AN inspiring paratrooper who suffered devastating injuries in Afghanistan is getting “life changing” treatment in Poole.

Ben Parkinson has become a national icon since his vehicle was destroyed by a Taliban landmine in 2006.

Both his legs were blown off and he suffered fractures to his skull, cheek, nose, jaw and pelvis. The 26-year-old’s recovery includes visits to Plewman House Dental and Chiropractic Clinic in Broadstone.

He started treatment six months ago under the guidance of his chiropractor Aidan Robinson. “It has totally changed his life,” said his mum Diane, from Doncaster.

“His strength, his posture, his speech – everything. The confidence has given him a new life.”

Ben has been fitted with a sort of plastic gumshield to alter the position of his jaw.

It is designed to ease the pressure on the nerves that ran through his face to the rest of his body.

Ben said that this device – along with a chiropractic approach to other treatment like speech therapy – had made a “massive difference”.

The blast had broken his back in four places and left him with curved spine and a contorted neck.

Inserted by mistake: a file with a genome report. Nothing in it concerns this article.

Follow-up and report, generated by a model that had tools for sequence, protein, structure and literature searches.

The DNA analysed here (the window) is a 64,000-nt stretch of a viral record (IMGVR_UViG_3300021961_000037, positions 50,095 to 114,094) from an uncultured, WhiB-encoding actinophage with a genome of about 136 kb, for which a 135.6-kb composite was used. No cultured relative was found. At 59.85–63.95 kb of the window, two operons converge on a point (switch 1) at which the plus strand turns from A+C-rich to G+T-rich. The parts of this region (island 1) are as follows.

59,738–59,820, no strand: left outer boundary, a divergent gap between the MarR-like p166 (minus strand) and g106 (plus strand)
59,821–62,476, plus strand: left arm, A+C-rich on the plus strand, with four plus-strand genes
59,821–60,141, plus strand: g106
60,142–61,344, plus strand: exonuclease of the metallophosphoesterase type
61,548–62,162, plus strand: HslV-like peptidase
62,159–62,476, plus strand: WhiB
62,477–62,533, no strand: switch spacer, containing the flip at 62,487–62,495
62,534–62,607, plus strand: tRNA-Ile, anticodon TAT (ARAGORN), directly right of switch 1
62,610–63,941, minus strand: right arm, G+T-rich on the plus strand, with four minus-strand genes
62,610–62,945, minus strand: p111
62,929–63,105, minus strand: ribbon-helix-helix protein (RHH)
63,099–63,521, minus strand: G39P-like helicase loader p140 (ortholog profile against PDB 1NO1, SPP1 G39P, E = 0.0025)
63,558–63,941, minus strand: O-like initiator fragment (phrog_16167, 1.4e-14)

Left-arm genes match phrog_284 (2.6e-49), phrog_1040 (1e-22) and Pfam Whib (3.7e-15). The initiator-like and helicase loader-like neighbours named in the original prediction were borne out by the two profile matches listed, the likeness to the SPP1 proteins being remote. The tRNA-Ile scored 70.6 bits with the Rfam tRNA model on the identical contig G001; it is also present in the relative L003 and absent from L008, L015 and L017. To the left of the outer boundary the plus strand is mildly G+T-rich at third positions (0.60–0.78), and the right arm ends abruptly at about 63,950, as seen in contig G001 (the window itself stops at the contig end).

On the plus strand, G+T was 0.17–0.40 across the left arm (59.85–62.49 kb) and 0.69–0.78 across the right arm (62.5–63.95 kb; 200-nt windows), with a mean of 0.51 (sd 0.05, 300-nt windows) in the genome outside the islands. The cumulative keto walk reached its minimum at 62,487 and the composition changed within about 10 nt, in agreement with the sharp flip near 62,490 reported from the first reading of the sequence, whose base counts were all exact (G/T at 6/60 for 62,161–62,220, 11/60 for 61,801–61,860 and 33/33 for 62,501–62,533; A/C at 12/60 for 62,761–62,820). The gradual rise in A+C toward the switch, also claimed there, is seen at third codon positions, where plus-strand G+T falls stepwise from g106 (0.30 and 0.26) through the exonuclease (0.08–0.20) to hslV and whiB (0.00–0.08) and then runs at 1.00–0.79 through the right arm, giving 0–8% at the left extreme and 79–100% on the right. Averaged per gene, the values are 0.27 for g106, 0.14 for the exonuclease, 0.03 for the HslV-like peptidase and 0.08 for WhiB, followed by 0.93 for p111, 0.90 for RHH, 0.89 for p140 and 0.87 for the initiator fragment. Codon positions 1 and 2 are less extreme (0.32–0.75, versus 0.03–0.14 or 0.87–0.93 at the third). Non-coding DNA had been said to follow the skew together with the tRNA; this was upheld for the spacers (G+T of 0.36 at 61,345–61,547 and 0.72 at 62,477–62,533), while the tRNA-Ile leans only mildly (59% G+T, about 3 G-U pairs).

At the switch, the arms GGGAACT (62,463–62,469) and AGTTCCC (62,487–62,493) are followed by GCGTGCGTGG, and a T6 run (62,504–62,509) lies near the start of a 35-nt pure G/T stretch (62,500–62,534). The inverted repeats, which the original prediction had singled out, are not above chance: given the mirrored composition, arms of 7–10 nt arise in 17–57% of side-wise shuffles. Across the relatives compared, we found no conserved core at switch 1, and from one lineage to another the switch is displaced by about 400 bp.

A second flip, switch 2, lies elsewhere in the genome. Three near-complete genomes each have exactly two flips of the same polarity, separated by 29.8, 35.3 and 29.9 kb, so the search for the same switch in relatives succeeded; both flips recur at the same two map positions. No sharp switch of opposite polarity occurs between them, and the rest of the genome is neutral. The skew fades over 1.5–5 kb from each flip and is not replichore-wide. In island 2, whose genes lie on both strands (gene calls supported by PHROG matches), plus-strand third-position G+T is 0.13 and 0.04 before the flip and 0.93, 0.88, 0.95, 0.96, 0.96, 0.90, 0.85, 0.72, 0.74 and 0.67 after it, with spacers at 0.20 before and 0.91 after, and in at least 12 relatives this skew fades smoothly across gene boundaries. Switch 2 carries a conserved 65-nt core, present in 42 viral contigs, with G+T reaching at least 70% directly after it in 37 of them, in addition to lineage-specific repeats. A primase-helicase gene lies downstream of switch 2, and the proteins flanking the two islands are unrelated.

“He used to eat by bending over and literally shovelling food into his mouth – it was terrible to watch,” said Diane.

She said now he can sit up with a straightened windpipe that helps him swallow and breathe.

His family hopes the Ministry of Defence will provide free chiropractic care for all injured servicemen after looking at his case. Ben is also a patron for the New Forest based armed forces charity The Pilgrim Bandits, which was set up by former special forces soldiers.

He was a guest of honour for their dinner at Christchurch’s Captain’s Club on Friday night and will be going skiing with them in Colorado next month.

Diane said: “It’s his favourite charity. They are so irreverent – they are not into pity.”

Ben said: “Other charities say they can’t take me on because of the head injury.

“The Bandits say ‘Get up that hill now!”

For more information visit